M ichigras "We believe a strong policy has I
the best chance to accomplish By DAVE BAAD
Fio Start that purpose." The Senate Permanent Investi-
Earlier, on his arrival here by gating Subcommittee opens its in-
plane from Cincinnati, where he quiry today into the, charges and
' X'ith Parade spoke Tuesday night, Nixon told counter-charges between Senator,
newsmen he thought that the war Joseph' McCarthy (R-Wis.) and
in Indochina can be won by the United States Army.
By JIM DYGERT French and Indochinese troops The inquest centers on an Army
with "the aid the United States report made public last month ac-
Michigras and all that comes has given and is giving." i members of the Senator's
with it will officially arrive in Ann * * * staff of bringing pressure on Army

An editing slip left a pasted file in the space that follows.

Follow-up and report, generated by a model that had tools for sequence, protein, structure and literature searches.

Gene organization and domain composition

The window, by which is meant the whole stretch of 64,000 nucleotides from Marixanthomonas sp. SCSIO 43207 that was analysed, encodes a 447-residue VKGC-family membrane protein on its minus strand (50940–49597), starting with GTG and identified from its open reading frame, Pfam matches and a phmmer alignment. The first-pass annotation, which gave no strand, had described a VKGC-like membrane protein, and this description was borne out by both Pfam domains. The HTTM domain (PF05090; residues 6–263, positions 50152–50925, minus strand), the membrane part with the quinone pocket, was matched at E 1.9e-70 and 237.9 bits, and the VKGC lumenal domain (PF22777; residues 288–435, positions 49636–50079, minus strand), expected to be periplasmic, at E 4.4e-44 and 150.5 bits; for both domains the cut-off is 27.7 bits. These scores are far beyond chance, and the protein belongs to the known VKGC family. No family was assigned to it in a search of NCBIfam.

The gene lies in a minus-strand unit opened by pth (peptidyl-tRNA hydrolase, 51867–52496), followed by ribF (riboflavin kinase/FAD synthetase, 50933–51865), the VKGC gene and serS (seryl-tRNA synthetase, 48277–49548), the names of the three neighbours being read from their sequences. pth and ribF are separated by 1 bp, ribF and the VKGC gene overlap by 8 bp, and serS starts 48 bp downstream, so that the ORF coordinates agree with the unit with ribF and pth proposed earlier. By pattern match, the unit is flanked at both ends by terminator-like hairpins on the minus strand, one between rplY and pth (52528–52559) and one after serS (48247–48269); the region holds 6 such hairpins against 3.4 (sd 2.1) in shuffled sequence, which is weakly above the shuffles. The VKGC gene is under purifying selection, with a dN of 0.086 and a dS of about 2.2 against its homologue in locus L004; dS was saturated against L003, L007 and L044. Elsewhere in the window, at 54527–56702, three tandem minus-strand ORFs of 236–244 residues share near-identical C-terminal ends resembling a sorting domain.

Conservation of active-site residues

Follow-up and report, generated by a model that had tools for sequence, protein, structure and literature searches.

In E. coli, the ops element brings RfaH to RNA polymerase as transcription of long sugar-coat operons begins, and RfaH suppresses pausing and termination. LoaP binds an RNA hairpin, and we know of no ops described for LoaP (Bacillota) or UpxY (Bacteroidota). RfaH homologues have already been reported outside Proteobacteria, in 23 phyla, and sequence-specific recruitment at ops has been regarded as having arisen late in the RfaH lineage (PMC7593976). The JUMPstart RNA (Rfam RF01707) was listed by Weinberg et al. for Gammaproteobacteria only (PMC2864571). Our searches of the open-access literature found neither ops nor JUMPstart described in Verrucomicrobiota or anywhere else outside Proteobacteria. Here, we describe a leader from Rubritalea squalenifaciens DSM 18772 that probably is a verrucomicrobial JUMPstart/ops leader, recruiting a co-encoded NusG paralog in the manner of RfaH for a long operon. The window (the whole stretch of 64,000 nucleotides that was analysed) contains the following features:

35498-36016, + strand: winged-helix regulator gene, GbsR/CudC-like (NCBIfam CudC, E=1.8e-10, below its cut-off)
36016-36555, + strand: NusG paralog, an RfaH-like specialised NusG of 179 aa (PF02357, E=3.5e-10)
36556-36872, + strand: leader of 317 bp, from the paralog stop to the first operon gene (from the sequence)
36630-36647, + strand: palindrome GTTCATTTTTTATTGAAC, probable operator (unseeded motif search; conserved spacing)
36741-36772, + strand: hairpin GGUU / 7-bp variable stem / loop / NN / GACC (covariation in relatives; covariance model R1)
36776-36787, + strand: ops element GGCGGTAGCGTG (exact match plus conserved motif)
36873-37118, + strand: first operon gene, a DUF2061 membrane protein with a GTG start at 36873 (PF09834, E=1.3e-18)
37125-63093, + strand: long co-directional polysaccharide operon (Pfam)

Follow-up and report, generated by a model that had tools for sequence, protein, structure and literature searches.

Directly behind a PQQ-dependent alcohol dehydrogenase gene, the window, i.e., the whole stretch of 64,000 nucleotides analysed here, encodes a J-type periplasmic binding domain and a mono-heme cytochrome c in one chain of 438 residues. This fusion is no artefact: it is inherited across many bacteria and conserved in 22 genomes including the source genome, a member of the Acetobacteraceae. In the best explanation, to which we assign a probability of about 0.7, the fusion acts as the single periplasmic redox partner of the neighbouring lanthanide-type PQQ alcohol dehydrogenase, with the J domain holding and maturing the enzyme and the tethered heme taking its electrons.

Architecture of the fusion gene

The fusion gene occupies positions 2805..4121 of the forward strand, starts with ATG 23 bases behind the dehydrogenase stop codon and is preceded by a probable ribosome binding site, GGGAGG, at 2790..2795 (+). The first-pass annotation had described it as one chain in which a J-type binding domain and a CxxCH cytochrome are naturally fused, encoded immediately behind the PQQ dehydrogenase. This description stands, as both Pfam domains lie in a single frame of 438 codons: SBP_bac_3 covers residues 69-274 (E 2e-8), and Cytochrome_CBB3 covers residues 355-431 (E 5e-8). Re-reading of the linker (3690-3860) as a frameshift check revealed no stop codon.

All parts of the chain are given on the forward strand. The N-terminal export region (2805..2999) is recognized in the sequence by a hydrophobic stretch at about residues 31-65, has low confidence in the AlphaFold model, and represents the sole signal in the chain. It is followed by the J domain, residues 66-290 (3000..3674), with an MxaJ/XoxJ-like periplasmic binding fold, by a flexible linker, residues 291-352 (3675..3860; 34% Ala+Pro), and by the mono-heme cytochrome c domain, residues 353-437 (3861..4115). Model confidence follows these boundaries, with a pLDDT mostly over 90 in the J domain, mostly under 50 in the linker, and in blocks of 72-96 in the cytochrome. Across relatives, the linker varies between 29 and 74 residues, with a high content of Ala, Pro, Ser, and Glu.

Arbor at 3:30 p.m. tomorrow when HE TOLD newsmen also that he officials to get preferential treat-
approximately 70 floats, bands, wasn't surprised at the stir his re- ment for Pvt. G. David Shine.
an'd other unhts will Aamrade fcr

I

holds a minor government post.
COMMENTING on the incidentI
Rep. Clardy said "I think the
whole business is a publicity stunt.
by Shaffer to distract attention
from the hearings and build him-
self a backfire of sympathy.
Shaffer and Myron Sharpe, a
second graduate student in eco-
nomics and local Chairman of
the Labor Youth League said
last week they had been subpo-
eaned to appear before Clardy's
group in Lansing May 10.
Clardy also maintained that,
Miss Price had given no informa-
tion to his subcommittee that he
was aware of. The FBI bureau inj
Detroit also refused to confirm or'